Apple Music vs Spotify: Which is the better value?


Racheal Pelter, Reporter

Choosing a platform for listening to music can be a tough decision. Value has to be weighed between the optional free Spotify and to Apple Music, which has a monthly fee.

Spotify and Apple Music have definitely made it to the top of the available apps. Ever since its launch in 2015, Apple Music has pleasantly surprised many users. Despite the fact that Spotify has the same basic purpose, both have significant features that could benefit certain music lovers.

Both of these providers offer three plans: individual, family and student. The competing companies strategically share the same prices, from $9.99 for an individual account, to $14.99 for a family plan.

The family plans allows registration of up to six accounts for one price, which is a drastic difference in cost compared to six individual accounts. Although this seems like a good deal, it is hard if your family does not all share the same brand of phones. For families divided between Android and iPhones, Spotify may be the better option.

For those seniors just months away from entering college, it is time to start considering the student plan. Both Apple Music and Spotify offer a discount for college students, cutting the price in half, to $4.99. To get this deal, Spotify asks for a name, date of birth and the college attending.

The plan lasts 12 months after the purchase date, but is renewable, as long as the student is still enrolled in college. When the end of the year approaches, Spotify will send a warning to the user to revalidate the student discount; otherwise, the user will be charged full price.

Apple Music uses UNiDAYS for student validation, making sure people taking advantage of this discount are enrolled in a university.

The subscription will last up to 48 months of the student’s schooling; the months do not have to be continuous.

Freshman Julia Santangelo has been using Spotify Premium for nearly a year now. “I listen to music so much, so I like how I can pick the songs I want to play from my playlists, instead of pressing shuffle play,” she said.  

Santangelo prefers the premium version over free, but she is not committed to Spotify; she said she may switch to Apple Music, eventually, to try it out.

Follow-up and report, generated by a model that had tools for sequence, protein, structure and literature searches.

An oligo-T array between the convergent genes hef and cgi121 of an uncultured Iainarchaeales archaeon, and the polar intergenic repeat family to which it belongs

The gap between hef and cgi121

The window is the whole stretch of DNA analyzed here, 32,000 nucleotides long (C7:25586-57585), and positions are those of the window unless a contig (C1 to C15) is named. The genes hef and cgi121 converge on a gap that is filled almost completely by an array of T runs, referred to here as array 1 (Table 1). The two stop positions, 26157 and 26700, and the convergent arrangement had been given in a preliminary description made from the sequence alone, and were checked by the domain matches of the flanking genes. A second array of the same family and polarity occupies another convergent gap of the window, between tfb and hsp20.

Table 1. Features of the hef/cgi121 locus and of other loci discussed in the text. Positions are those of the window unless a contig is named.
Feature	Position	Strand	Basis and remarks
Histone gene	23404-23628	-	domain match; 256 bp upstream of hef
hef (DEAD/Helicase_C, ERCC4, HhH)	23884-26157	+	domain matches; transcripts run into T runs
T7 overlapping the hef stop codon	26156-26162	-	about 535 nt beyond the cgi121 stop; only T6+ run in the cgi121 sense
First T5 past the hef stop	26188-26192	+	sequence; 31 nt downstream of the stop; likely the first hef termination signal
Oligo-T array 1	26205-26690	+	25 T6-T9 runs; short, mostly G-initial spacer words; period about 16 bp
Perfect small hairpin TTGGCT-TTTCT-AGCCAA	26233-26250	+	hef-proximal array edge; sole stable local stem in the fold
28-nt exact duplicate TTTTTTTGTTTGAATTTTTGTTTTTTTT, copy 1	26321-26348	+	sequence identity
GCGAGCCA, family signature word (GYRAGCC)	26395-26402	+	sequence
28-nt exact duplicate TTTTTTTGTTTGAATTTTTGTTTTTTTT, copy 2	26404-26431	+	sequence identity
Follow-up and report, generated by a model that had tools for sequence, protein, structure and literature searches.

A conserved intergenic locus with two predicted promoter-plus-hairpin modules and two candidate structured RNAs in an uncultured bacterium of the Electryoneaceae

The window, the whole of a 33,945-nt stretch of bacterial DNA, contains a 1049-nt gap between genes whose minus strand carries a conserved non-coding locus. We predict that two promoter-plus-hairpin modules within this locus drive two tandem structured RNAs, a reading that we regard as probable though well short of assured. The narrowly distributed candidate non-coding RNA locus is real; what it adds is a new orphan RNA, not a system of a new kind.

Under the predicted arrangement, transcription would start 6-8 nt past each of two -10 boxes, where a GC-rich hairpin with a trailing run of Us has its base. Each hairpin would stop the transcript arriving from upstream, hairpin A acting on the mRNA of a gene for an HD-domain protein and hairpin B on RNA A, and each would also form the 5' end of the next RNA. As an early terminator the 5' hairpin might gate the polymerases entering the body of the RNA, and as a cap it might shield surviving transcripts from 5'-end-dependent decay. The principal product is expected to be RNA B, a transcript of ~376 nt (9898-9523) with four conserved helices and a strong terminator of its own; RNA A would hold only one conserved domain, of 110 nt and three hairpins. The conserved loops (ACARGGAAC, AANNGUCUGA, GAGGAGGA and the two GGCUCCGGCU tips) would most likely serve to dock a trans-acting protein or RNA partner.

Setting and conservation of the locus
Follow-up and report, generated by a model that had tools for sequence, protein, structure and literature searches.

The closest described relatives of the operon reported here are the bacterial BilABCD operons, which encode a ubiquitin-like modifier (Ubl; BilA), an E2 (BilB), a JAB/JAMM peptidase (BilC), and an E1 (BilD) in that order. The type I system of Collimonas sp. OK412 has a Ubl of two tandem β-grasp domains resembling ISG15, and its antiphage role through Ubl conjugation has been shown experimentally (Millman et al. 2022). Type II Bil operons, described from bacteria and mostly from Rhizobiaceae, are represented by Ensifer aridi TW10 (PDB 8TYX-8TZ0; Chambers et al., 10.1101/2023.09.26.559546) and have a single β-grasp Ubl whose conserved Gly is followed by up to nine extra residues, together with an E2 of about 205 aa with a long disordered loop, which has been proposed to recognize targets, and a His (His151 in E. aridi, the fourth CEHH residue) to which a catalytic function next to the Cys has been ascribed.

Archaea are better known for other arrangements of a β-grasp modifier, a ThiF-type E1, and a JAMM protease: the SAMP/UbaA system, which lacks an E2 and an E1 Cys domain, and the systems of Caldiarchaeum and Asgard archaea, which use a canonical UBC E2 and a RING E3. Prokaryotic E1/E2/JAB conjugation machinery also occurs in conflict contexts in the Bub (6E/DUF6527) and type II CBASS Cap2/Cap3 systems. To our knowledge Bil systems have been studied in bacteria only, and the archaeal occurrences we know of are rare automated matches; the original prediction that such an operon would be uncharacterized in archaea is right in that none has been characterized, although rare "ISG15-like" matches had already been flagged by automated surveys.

Even with the facts laid out, it is still difficult to decide which platform is more efficient, without testing each out.

Junior Ciandra Tamburro made the switch from Spotify to Apple Music over the summer, when she joined her friend’s plan, “[Apple Music] is so much better,” she said. “Music is on there as soon as it drops. When I used Spotify, sometimes I couldn’t find certain songs. Apple Music just has a way better song selection.”

Tamburro said if she did not have an Apple Music membership, she would most likely use Soundcloud. “It doesn’t have mainstream stuff, but it has the kind of music I want to listen to.”

She completely stopped using Spotify when some music by Lil Yachty, her favorite artist, was removed. Spotify users will not be able to find his songs “Intro (Just Keep Swimming)” and “Run Running.” Both contained copyrighted samples from “Finding Nemo” and “Mario”games, either him or his music label most likely  took them off the app.

Other artists, like Taylor Swift and Beyonce, have removed music from Spotify, which turned some of their fans away from the app. Junior Fabian Lemus has been using Spotify since July, and soon upgraded to the premium plan. “I started off with the free version, but the ads and the limited songs really annoyed me, so I started paying for it.”

Lemus said he may consider giving Apple Music a chance, however. “It has a bigger library, and a lot more artists than Spotify does, and you can stream music videos.”

For people who do not want to spend money on music, Spotify is the perfect choice. Unlike Apple Music, it has a free option, but with limited features.The free version has a limited number of song skips on the mobile app, ads will play frequently, and the user will no longer be able to download songs and listen without internet access.

Senior Maxine Stanek has stuck with the free version, and said she does not mind the ads on Spotify. “I know why they’re there, so it’s all good. You can listen to whatever music you want for free. If I really like a song, then I’ll buy it on iTunes; other than that, I use Youtube.”

She added, “I like Youtube because you can find pretty much any song, and I’m okay with buying a song for my collection if I really love it.”  

Those who want to try out premium, however, can take advantage of a three-month trial version for just 99 cents.

Although Apple Music does not have a free version, it does offer a three-month free trial.

“It’s definitely worth trying, and if you don’t like it just go back to Spotify,” Tamburro suggested. “I seriously can’t imagine going back to a free version of anything after being able to listen to any song I want at any time. I couldn’t make it through the day without music, so I’d have no problem paying for it.”